"Rogo vos, oportet credatis, sunt mulieres plussciae, sunt nocturnae, et quod sursum est deorsum faciunt." Miss Murray is as earnest as Trimalchio; it is likely in consequence that I shall find myself written down in her black books in the good company of Reginald Scot as an unscientific sceptic. But Miss Murray has laid herself open to an obvious retort. If quotations taken from their context may give rise to misleading interpretations, still more misleading is the treatment of a series of documents torn from the background of their own age and divorced from the serious study of their immediate historical antecedents. For obvious reasons, before propounding a theory of the origin of the superstitions connected with witchcraft couched in terms of a nebulous and hypothetical primitive religion, it is the duty of the investigator to make some attempt to master the historical development of medieval thought and superstition and the late classical ideas upon which they were largely based.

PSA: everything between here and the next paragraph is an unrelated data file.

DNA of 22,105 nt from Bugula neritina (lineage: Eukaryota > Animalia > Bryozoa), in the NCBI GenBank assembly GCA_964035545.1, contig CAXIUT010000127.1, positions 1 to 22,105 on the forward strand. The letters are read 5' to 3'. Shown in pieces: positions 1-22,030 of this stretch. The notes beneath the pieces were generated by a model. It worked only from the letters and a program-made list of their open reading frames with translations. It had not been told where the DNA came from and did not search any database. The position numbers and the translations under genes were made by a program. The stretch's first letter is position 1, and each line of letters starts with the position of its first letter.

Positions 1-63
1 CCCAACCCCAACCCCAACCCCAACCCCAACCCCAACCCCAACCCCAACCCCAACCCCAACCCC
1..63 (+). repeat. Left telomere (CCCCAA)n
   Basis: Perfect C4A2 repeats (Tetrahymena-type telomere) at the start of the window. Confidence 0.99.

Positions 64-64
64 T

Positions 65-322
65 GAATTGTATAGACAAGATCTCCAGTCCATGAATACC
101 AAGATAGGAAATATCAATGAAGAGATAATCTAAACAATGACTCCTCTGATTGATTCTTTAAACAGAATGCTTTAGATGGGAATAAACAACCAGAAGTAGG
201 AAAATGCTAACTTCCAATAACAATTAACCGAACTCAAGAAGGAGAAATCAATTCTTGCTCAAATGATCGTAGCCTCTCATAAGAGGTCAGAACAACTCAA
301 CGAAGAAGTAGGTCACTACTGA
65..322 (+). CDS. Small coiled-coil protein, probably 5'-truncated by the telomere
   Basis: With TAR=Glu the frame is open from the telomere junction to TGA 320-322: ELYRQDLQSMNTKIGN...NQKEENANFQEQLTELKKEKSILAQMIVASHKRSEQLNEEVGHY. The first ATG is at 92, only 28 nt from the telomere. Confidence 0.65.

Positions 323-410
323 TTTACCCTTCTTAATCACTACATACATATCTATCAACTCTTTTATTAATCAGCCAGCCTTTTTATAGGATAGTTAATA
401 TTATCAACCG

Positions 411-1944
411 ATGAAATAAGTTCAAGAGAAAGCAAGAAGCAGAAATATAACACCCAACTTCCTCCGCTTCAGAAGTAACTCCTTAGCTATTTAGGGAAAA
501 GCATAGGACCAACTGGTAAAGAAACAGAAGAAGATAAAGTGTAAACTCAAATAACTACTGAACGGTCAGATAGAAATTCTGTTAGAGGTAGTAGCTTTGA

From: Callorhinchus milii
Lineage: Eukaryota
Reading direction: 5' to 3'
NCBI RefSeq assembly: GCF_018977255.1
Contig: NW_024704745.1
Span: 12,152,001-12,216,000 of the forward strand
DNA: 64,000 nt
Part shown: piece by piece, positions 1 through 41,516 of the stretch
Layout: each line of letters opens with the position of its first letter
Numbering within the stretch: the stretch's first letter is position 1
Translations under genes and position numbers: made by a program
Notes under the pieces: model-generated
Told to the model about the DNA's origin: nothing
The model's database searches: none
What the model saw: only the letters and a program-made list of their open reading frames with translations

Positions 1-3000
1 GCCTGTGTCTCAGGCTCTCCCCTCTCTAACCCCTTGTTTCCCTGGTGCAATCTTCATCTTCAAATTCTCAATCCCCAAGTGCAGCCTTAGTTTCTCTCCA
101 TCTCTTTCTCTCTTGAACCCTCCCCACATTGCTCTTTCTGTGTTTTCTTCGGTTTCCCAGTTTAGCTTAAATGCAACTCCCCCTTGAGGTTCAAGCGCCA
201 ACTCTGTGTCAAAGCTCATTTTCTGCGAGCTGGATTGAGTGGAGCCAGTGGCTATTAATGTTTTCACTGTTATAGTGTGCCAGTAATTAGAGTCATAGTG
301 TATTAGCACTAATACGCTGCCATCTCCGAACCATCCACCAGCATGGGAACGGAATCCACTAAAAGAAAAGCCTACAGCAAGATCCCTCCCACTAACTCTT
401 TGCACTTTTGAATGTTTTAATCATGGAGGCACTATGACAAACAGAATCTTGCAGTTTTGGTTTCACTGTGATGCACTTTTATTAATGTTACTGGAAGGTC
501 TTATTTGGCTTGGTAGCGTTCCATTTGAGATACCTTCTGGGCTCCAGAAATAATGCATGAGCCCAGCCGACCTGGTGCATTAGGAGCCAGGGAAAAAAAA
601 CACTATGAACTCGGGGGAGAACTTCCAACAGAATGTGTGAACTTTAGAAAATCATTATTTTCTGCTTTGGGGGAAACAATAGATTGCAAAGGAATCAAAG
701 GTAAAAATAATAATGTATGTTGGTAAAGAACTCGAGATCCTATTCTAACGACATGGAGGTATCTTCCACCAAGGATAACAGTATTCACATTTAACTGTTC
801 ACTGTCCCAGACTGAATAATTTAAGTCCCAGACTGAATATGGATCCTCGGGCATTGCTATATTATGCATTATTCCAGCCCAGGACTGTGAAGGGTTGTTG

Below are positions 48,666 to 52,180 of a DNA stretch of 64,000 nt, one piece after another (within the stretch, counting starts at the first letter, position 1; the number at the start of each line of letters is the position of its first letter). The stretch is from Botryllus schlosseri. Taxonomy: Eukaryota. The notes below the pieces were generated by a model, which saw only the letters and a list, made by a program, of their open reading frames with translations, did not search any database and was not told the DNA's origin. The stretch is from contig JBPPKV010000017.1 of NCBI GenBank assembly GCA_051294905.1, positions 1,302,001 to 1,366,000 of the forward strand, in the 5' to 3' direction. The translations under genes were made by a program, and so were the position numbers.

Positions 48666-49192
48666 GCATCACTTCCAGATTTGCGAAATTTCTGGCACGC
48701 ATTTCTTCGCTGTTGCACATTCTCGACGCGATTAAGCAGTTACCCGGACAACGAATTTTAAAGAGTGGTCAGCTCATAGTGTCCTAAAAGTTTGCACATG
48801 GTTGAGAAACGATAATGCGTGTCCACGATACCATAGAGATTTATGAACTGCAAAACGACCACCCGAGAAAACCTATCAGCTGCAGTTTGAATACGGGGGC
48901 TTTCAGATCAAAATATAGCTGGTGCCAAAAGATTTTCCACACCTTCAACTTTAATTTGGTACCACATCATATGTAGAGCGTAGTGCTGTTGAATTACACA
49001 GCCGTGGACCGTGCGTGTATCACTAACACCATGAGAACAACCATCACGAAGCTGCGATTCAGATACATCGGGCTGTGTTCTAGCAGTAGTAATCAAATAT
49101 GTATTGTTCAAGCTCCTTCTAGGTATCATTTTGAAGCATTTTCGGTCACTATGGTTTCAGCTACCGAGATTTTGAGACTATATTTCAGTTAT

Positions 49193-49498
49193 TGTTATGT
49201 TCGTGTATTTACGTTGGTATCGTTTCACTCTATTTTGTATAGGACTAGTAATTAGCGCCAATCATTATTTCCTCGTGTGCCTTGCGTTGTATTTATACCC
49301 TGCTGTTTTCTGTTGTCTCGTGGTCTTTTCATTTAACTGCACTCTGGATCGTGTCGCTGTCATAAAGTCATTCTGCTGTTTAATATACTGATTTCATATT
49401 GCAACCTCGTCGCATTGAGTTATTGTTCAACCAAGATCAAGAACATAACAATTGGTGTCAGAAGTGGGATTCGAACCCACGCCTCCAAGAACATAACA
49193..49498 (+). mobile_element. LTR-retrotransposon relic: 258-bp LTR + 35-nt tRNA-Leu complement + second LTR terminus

Upon general grounds the supposition that an organised cult of primeval antiquity survived into the seventeenth century a.d. without attracting the notice of any previous historian is one which is not easy to take upon trust. We are told that such a religion existed and that it was a fertility-cult, but its outlines are quite indeterminate. The two classical references given have no evidential value, and for detail we are, in fact, referred